Beloved companies enable people to decide and act from a corner of their brain that is congruent with doing the right thing. They build an organization with energy and spirit that draws customers to them. We naturally gravitate to companies and people with whom we connect in a human and sincere manner. We like their story because it’s the one we strive to live ourselves.
Five five decisions set companies apart. The decisions reveal who they are and what they value.
To make customer experience stick as part of your operation, you need an organized and phased approach to integrate customer experience into your organization. This framework will “demystify” the actions and the end state, which you should be able to recognize when your company and operation become proficient at “customer experience.”
The five CX competencies don’t need to be tackled in order. Relevance to your operation is most important. Getting traction is paramount.
Once you’ve determined where the CCO should report, you need to determine what structure will work best in your organization based on commitment and resources. Organize for cat herding the silos together based on your culture and how far along you are in working together. Remember that the structure you select should enable you to influence change and drive action.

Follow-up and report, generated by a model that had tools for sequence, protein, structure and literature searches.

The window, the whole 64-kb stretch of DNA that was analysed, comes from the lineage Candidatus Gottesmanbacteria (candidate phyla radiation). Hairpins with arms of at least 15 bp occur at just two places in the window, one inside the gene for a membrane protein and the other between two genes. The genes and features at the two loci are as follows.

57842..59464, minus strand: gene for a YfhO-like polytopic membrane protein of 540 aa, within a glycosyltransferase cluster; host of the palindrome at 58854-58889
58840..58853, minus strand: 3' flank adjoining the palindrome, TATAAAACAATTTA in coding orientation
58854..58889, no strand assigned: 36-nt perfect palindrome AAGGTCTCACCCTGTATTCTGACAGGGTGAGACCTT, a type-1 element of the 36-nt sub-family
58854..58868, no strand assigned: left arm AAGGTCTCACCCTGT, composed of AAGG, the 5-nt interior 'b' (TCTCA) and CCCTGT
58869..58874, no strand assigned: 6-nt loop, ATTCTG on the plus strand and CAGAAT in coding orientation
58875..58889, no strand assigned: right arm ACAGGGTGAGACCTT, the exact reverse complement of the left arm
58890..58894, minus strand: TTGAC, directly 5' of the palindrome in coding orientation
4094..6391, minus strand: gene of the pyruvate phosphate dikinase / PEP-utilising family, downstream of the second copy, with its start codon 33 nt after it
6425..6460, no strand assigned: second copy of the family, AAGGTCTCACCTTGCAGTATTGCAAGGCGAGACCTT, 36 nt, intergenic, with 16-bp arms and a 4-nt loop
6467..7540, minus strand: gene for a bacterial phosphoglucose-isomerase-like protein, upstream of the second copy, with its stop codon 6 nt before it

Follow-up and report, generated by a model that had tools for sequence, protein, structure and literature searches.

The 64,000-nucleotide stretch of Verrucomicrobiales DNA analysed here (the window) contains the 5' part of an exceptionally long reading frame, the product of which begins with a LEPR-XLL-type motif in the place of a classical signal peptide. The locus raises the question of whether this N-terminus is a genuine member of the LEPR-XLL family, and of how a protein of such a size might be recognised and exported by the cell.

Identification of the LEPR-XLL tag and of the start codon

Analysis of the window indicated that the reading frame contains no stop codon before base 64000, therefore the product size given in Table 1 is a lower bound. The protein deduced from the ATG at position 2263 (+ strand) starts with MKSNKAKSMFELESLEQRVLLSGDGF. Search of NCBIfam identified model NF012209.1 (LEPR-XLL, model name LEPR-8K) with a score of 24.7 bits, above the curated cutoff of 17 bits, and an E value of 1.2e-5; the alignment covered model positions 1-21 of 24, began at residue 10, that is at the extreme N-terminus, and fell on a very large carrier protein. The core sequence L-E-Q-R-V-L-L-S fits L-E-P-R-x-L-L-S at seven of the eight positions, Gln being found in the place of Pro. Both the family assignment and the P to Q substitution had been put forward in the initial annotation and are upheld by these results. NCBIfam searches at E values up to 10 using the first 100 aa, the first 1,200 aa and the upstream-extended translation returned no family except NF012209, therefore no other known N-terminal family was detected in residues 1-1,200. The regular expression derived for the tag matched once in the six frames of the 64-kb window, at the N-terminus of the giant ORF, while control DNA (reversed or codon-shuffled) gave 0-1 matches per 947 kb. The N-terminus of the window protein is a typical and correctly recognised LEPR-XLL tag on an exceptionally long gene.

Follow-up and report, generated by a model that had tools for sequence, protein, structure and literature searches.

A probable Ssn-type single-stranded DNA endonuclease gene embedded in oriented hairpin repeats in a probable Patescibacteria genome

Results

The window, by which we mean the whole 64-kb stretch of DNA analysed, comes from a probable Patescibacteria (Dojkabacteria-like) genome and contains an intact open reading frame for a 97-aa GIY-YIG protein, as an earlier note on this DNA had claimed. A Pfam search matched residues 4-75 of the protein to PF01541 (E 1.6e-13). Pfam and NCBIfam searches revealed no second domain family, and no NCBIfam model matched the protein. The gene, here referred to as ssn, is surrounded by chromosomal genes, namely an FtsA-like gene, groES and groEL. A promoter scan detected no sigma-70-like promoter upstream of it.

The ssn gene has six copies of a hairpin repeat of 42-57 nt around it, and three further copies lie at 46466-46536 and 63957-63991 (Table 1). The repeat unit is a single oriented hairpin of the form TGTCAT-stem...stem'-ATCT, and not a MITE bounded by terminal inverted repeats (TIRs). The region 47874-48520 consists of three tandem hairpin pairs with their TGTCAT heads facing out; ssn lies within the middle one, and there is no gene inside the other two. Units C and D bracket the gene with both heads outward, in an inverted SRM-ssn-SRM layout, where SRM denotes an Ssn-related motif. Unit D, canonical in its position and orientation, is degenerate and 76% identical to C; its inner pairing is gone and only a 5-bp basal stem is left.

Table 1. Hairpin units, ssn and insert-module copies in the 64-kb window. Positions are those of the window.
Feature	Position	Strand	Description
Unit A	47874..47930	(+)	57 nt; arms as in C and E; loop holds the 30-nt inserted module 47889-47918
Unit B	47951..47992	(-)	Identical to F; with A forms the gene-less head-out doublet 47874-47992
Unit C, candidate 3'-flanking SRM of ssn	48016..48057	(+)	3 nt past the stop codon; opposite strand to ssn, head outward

This post introduces the four ways you can go with organizational structure
Organic customer growth drives long-term profitability. So why isn’t the customer as important to you as quarterly sales goals? This is where the customer commitment falls apart because what’s actively asked for, measured and rewarded doesn’t always line up with what’s good for customers.
Here are five questions for commanding customer accountability inside your organization…
Your answers will tell you how well you are doing with managing customers as assets.
Why does it take such a push to wrap the focus of a company around the customer as the source of their revenue and profitability? I’m no shrinking violet, and I can tell you that for every battle I’ve won, I’ve lost just as many. The big question is: Why has it been a battle? [...]
Chief Customer Officer 2.0 delivers new digital content based on the book, “Chief Customer Officer” by Jeanne Bliss and provides updated tools to establish a repeatable customer experience that drives customer profitability.